CMHC Saskatchewan Market Housing Outlook

Courtesy: CMHC

After a decline in 2009, housing starts will gradually rise over the forecast period. Total housing starts are
forecasted to increase to 4,650 units in 2010 and move higher over the coming years to about 5,250 units in
2014. Saskatchewan’s economy is expected to rebound in 2010 and grow by over three per cent in 2011. Rising
earnings and employment gains in Saskatchewan will support a higher level of housing demand moving forward. Demographic factors in Saskatchewan will continue to support housing demand. Netmigration is projected to remain at elevated levels through the next five years, as migrants are attracted by a low unemployment rate and job opportunities. Gains from migration will be primarily from people coming from outside of Canada rather than from interprovincial migrants.

The economy is projected to rise by 2.9 per cent in 2010 and then to grow by 3.2 per cent in 2011. Drilling activity is projected to rise as a result of higher oil prices. Investment in the potash industry and uranium will continue in anticipation of a recovery. Overall, investment intentions in Saskatchewan are projected to be up 5.5 per cent from last year, adding support to provinical economic growth this year and next. The improved economy in 2011 will be reflected by stronger job growth, lower unemployment rates, and higher wages.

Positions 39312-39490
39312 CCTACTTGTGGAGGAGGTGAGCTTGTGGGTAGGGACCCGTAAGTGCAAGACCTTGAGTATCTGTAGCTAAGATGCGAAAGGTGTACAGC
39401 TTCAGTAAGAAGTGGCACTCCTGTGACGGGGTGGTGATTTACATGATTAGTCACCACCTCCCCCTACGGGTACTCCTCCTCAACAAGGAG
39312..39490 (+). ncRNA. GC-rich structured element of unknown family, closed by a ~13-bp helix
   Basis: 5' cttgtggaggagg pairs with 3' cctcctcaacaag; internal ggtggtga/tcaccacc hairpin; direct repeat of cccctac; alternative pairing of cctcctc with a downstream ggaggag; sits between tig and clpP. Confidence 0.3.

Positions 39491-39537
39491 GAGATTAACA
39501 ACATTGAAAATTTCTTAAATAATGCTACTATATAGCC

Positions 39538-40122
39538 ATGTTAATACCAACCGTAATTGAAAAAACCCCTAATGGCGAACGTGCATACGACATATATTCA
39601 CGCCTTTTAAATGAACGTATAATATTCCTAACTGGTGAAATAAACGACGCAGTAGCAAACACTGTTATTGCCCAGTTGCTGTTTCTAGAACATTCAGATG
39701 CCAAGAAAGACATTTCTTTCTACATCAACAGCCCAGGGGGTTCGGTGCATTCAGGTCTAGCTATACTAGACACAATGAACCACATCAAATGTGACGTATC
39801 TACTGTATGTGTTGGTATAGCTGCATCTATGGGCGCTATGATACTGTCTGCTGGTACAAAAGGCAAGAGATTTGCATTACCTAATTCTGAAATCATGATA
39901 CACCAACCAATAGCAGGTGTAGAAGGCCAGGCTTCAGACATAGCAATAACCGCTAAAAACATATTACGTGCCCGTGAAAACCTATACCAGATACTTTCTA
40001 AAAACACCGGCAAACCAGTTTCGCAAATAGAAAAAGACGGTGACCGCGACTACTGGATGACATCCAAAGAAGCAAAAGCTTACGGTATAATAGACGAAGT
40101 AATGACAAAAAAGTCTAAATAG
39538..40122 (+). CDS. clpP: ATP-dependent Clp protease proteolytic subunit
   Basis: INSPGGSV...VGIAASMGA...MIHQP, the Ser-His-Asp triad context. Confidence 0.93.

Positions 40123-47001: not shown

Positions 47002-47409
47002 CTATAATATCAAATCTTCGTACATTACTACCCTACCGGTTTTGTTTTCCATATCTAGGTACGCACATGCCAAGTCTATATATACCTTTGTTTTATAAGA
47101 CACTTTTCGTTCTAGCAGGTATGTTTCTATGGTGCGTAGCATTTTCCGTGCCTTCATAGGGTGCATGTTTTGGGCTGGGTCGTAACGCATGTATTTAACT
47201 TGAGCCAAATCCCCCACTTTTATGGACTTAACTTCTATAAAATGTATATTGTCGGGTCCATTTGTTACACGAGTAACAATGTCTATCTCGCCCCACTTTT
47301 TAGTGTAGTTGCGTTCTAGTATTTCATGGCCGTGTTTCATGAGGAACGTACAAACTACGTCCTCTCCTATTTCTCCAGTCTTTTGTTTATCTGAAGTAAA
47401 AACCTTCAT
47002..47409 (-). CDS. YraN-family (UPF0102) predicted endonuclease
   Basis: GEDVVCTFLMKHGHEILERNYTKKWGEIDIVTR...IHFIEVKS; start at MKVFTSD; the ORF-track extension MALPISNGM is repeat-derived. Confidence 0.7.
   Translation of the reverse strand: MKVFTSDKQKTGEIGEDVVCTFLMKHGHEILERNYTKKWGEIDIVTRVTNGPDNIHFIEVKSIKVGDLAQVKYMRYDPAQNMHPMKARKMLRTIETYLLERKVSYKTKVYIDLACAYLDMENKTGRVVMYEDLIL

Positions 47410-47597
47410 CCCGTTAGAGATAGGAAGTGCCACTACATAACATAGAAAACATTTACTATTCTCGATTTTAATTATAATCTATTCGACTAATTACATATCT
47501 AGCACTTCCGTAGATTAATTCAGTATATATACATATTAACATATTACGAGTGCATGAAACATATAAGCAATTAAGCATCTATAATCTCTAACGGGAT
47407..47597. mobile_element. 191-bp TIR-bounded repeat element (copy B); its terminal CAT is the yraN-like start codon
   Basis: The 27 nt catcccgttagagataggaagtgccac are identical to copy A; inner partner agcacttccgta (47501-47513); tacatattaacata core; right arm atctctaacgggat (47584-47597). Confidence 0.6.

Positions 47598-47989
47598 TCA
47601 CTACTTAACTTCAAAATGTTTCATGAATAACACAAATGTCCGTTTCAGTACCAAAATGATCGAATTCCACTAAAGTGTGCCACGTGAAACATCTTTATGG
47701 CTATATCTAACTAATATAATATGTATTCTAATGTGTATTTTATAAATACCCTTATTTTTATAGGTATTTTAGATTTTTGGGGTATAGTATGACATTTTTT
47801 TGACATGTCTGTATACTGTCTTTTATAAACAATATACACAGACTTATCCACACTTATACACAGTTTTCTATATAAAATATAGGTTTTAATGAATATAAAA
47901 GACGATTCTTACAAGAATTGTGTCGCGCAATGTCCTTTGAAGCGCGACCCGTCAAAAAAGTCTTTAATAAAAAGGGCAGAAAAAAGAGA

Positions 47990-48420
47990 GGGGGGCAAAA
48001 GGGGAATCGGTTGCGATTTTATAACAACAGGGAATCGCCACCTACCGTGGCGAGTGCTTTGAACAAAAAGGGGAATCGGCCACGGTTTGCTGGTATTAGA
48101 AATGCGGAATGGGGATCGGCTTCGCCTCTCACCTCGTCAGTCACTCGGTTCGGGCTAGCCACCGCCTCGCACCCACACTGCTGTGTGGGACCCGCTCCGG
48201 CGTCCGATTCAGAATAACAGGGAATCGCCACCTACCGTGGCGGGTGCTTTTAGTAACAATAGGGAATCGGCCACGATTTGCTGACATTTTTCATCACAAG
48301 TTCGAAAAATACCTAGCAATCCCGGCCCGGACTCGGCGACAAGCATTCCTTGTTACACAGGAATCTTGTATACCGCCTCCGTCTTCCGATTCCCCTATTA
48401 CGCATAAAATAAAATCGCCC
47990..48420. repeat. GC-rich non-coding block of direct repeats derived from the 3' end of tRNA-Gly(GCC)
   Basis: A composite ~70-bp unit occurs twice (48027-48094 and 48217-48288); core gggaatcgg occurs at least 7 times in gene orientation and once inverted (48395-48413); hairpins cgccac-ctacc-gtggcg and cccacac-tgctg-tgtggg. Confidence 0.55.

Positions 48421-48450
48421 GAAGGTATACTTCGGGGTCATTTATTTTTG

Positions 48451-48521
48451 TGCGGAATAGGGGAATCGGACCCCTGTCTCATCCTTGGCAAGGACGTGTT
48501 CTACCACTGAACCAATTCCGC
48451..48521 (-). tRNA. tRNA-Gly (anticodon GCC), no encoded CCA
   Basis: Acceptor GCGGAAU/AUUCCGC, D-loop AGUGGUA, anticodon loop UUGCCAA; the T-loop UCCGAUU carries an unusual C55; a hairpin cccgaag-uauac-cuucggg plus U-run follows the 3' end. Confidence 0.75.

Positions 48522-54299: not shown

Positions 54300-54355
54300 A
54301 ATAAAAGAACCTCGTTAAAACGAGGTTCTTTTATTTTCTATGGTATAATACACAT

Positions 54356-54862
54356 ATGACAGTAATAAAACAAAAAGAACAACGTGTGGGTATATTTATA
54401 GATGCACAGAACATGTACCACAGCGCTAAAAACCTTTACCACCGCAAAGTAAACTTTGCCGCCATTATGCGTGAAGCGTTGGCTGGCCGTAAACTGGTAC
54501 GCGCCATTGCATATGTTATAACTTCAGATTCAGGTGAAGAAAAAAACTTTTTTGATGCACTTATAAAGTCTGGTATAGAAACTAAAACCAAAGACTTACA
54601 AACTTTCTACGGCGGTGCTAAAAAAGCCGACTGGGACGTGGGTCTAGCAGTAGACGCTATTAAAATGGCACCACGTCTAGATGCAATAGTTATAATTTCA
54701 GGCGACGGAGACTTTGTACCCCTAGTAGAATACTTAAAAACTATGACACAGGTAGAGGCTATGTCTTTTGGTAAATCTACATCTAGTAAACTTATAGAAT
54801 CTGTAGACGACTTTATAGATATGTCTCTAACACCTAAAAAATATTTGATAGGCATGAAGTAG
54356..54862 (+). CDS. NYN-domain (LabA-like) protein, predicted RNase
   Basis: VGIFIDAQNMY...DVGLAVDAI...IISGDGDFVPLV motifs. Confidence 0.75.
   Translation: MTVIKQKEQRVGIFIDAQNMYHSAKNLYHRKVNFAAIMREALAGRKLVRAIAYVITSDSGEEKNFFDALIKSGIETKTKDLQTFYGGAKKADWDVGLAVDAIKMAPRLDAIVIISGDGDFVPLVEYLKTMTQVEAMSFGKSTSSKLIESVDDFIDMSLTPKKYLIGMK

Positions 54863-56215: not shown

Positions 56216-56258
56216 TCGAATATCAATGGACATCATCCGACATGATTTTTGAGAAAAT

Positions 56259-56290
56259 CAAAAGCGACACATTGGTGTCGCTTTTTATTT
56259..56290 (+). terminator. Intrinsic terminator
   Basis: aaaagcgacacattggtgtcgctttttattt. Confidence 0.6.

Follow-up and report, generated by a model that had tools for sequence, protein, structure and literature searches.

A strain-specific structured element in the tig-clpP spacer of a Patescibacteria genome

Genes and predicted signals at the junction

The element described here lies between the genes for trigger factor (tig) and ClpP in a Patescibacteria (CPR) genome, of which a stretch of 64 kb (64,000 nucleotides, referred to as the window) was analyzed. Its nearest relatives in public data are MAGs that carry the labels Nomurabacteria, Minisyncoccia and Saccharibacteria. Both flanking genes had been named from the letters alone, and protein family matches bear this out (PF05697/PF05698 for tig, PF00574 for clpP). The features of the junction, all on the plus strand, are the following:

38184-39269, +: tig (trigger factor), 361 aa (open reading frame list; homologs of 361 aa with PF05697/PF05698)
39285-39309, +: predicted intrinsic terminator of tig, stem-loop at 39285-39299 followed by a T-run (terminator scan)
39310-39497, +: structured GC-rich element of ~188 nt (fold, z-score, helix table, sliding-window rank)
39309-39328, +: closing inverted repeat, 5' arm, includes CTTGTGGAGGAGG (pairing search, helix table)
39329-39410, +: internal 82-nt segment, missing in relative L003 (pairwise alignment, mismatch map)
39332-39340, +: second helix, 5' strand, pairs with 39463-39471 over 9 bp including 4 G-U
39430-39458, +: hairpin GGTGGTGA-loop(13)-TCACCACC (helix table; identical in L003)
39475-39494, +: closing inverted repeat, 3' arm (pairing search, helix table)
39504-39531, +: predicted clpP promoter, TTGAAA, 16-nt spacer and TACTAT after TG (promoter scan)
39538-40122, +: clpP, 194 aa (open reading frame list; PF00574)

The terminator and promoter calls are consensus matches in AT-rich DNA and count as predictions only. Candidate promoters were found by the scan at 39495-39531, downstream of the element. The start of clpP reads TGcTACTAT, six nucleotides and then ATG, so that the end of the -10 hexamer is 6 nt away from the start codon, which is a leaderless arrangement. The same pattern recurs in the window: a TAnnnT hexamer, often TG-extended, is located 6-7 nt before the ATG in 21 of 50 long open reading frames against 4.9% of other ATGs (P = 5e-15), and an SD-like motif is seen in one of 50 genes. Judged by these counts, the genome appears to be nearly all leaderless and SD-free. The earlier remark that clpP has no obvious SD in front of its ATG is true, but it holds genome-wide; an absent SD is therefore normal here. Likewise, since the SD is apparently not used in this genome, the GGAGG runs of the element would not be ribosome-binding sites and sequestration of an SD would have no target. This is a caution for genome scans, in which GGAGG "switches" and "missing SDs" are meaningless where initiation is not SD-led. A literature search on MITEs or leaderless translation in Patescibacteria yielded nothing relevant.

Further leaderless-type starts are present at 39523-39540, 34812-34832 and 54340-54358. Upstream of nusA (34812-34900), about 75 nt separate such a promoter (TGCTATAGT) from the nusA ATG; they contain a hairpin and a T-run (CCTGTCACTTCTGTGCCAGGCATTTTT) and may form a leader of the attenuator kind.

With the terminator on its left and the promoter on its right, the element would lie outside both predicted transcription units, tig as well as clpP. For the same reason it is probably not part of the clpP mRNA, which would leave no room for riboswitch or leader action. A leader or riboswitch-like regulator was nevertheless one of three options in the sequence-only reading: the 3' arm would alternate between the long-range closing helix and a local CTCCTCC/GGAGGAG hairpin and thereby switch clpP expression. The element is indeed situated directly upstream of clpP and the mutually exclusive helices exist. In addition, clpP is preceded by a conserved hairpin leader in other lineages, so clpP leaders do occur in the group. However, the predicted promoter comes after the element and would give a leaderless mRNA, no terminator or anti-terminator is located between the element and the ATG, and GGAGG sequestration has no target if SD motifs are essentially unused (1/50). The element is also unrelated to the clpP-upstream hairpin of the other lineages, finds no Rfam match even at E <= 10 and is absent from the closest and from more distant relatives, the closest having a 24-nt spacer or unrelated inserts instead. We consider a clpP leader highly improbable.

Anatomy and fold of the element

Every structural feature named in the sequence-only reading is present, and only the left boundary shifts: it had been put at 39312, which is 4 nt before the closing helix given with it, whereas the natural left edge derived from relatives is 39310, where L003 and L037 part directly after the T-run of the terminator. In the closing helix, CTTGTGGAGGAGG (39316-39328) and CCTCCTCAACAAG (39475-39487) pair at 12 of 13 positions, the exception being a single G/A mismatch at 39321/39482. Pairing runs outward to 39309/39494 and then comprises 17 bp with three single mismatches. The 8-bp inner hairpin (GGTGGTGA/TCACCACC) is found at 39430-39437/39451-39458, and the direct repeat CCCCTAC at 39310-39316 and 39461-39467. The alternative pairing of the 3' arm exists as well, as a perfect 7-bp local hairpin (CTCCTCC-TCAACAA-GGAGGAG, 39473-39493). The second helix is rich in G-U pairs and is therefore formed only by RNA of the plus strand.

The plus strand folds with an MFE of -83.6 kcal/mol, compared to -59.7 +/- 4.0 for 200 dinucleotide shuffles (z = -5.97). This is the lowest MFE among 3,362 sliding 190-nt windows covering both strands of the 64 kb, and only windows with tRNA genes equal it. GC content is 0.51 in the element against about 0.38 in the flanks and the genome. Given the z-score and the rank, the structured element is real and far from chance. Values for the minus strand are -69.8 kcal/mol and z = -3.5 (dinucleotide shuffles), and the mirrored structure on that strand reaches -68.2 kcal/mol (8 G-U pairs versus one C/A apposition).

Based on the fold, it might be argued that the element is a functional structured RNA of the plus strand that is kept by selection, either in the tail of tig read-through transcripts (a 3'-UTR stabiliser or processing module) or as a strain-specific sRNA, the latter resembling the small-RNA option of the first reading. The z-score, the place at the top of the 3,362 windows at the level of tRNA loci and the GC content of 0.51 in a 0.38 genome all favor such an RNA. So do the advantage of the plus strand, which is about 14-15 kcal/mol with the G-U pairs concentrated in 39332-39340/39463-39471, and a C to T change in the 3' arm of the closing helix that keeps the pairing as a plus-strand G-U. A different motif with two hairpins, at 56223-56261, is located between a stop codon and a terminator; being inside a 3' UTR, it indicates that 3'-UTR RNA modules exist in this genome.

Demographic factors in Saskatchewan will continue to support housing demand. Net migration is projected
to remain at elevated levels in 2010 and 2011. The source of migrants is shifting from provincial migration, and gains will be primarily from people coming from outside of Canada. 

Multi-family starts will rise modestly in 2010, reaching 1,250 units and then rise again in 2011 to 1,350 units. So far this year, local builders have been cautiously ramping up production, particularly in the province’s smaller centres. Accordingly, the share of starts occurring outside of the province’s two largest centres will be historically
high in 2010 as concerns over rising inventories in the larger centres and elevated levels of migration to
Saskatchewan’s smaller centres create a strong draw for multi-family units. The province’s larger centres will
regain a larger share of activity in 2011 as inventories decrease gradually through 2010.

Resales: The slower pace of price increases coupled with historically low mortgage rates have improved affordability and stimulated demand, placing most markets in balanced conditions. Over the forecast period,
the province’s economic recovery will become more firmly entrenched. This
will support a higher level of resales in 2010 and in 2011.

Prices: The average MLS® price in Saskatchewan will increase by 2.4 per cent to 239,300 in 2010 and then increase by 3.3 per cent to over 247,000 in 2011.

The Matthew Olsgard Team

The Matthew Olsgard Team

CENTURY 21 Fusion
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